Thanks for the report -- going there next month with a group of 10 school kids on a photography tour.

God bless,

Friedrich von Hörsten

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``God, I can push the grass apart and lay my finger on your heart'' -- E. St V Millay


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 Post subject: Re: Comments on Addo and Spekboom Tented Camp
Unread postPosted: Fri Mar 30, 2012 10:08 am 
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Hi all,
Good to hear about your enjoyable stay, shortcourse!
As mentioned, SANParks' policy is to reintroduce the species which would have historically occurred in the Park. This makes sense in terms of trying to manage the park as naturally as possible and to restore the park areas to their natural state.
If we were to introduce species that do not naturally occur here, they would also have a negative effect in terms of competing with indigenous species e.g. nyala would compete with bushbuck because they use the same habitats and food sources.
The grasslands that can be seen in the main game area (including the Colchester area) are products of clearing of land for agricultural purposes before it was incorporated into the park. These grass patches are now perpetuated by species that do graze such as zebra, hartebeest and buffalo.
The thicket vegetation which covers 70% of the park does not include open grasslands or many grass species - except in the vegetation type called "bontveld" (referring to its patchy nature) which does have grass areas. You can see this veg type on top of Zuurkop.
An exciting project to rehabilitate the cleared grass areas back to their thicket state has started in the park. This is a long term intervention which will hopefully bear some good results.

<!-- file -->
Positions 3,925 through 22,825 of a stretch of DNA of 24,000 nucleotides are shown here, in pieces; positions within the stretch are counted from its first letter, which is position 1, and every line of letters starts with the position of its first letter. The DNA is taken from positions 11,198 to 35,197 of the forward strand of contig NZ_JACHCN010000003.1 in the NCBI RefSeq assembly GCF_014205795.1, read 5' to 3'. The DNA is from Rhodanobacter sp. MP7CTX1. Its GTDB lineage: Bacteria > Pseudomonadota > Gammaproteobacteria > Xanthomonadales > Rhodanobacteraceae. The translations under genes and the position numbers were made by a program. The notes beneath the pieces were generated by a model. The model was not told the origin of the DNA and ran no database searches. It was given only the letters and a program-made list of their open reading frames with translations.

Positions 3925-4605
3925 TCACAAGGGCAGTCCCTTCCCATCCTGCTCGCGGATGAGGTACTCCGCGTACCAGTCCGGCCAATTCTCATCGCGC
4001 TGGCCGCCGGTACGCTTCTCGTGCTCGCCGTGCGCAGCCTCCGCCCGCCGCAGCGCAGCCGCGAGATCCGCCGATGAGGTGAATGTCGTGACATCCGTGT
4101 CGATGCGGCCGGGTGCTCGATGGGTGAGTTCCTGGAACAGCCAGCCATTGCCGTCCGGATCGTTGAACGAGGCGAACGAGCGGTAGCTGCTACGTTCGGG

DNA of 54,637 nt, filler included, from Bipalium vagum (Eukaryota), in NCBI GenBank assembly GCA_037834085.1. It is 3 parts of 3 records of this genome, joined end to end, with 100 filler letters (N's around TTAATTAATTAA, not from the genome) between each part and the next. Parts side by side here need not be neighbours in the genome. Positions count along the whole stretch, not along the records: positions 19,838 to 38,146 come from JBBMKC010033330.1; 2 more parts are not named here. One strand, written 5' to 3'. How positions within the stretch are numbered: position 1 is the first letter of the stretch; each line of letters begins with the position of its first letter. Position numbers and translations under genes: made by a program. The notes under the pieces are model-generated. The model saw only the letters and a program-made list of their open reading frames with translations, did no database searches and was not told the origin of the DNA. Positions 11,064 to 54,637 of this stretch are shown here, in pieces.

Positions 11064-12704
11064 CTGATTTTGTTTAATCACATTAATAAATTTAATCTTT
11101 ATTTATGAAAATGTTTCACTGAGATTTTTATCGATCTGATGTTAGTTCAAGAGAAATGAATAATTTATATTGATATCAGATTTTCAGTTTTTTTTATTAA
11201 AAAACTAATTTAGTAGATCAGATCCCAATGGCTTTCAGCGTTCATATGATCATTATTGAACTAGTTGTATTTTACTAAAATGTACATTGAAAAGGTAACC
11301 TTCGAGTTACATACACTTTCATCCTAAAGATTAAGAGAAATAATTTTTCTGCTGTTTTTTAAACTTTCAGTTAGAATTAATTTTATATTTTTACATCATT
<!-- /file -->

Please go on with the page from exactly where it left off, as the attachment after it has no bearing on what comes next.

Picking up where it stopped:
There is definitely no plan to put springbok or cheetah into the main game area/Colchester area. We do have sprinbok at Darlington Dam, and in the future will have cheetah there too.

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Megan Taplin
Communications Manager: Frontier Region


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 Post subject: Re: Comments on Addo and Spekboom Tented Camp
Unread postPosted: Mon Apr 02, 2012 5:56 pm 
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Joined: Mon Nov 30, 2009 4:31 pm
Posts: 13
Addo Elephant wrote:
The grasslands that can be seen in the main game area (including the Colchester area) are products of clearing of land for agricultural purposes before it was incorporated into the park. These grass patches are now perpetuated by species that do graze such as zebra, hartebeest and buffalo.
The thicket vegetation which covers 70% of the park does not include open grasslands or many grass species - except in the vegetation type called "bontveld" (referring to its patchy nature) which does have grass areas. You can see this veg type on top of Zuurkop.
An exciting project to rehabilitate the cleared grass areas back to their thicket state has started in the park. This is a long term intervention which will hopefully bear some good results.

This is very interesting. I've always wondered about the open grass patches in the (recently expanded) Main Camp area.

Does anybody know how to find out more about this? (Some links, research papers, etc.)

What will the impact be on the species currently dependant on these open areas? Will the remaining grassy areas be sufficient to maintain their populations or will the the Main Camp be linked with the northern/western sections and allow natural movement of the animals to more suitable habitats?

I guess we can only wait and see. :hmz:


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 Post subject: Re: Comments on Addo and Spekboom Tented Camp
Unread postPosted: Mon Apr 02, 2012 8:42 pm 
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Junior Virtual Ranger
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Joined: Sat Oct 07, 2006 8:24 pm
Posts: 481
Location: Somerset West
Thank you for the interesting news, Megan!

Kooning raised some interesting questions too. If I remember correctly, many years ago one hardly ever saw any grazers in the old, smaller park, except tortoises! :lol:
As more of this "man-made' open grassland was added to the park, the hartebeest, and latter addition? of zebra became more visible between Woodlands and Carol's Rest area.
Today this open area is prime for seeing big herds of elephant "skoffling" the short grass or purple vygies up with their feet, as well as zebras, hartebeest, kudus, eland, warthog and buffalo...